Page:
Yes, all that is well known. But Papa wanted to know how it should be understood. Why exactly choose variations? What meaning is hidden behind it?
That is why he called me into his room, pointed to the music, and said, “Now I know!”
….I am going to try to explain it with a comparison. A symphony is a musical epic. We might say that it is like a voyage leading from one thing to another, farther and farther away through the infinitude of the exterior world. Variations are like a voyage. But that voyage does not lead through the infinitude of the exterior world. In one of his pensées, Pascal says that man lives between the abyss of the infinitely large and the abyss of the infinitely small. The voyage of variations leads into the other infinitude, into the infinite diversity of the interior world hidden in all things.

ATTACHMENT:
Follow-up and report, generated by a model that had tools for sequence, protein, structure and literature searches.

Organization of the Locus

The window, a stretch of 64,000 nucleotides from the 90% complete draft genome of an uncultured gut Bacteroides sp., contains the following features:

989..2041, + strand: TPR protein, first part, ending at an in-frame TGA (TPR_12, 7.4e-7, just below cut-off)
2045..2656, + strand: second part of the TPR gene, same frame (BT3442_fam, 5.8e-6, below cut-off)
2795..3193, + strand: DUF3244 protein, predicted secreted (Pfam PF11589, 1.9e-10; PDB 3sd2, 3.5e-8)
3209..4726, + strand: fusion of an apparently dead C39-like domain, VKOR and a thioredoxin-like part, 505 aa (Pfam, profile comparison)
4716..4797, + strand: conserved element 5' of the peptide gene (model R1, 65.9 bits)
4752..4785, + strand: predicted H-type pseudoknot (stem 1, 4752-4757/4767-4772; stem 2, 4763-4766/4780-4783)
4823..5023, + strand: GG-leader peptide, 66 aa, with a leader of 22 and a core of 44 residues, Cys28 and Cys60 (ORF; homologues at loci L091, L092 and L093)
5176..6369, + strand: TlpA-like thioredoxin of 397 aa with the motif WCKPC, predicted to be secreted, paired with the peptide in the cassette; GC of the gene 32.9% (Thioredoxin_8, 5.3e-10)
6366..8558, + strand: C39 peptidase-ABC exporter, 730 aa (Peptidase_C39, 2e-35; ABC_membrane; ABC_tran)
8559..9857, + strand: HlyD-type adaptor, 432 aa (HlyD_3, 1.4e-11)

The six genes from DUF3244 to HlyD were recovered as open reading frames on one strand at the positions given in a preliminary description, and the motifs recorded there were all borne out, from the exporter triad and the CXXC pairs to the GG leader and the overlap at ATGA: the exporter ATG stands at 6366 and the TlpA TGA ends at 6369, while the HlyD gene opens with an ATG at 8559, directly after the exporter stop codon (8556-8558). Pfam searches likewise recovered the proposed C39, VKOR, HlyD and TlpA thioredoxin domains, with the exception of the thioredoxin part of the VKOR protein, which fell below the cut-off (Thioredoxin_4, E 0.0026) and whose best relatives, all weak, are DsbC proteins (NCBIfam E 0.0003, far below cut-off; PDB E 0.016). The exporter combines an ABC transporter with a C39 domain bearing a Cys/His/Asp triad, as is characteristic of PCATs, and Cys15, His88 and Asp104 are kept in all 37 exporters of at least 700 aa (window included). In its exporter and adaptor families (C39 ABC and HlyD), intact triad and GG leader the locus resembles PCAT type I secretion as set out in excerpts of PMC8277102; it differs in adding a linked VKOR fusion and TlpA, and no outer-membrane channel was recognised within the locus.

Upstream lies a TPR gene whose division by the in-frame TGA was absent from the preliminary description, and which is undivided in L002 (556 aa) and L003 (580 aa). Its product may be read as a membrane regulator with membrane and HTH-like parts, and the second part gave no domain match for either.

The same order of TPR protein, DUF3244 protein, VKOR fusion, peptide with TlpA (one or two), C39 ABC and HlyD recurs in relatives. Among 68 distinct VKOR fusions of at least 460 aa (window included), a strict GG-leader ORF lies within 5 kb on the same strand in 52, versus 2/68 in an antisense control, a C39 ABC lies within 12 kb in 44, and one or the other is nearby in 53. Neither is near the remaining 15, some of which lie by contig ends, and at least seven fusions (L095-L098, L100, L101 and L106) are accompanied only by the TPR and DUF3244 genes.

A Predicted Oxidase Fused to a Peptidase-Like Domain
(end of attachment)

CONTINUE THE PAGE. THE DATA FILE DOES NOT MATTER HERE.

…Variation form is the form in which the concentration is brought to its maximum; it enables the composer to speak only of essentials, to go straight to the core of the matter. A theme for variations often consists of no more than sixteen measures. Beethoven goes inside those sixteen measures as if down a shaft leading into the interior of the earth.
The voyage into that other infinitude is no less adventurous than the voyage of the epic. It is how the physicist penetrates into the marvelous depths of the atom. With every variation Beethoven moves further and further away from the initial theme, which resembles the last variation as little as a flower its image under a microscope.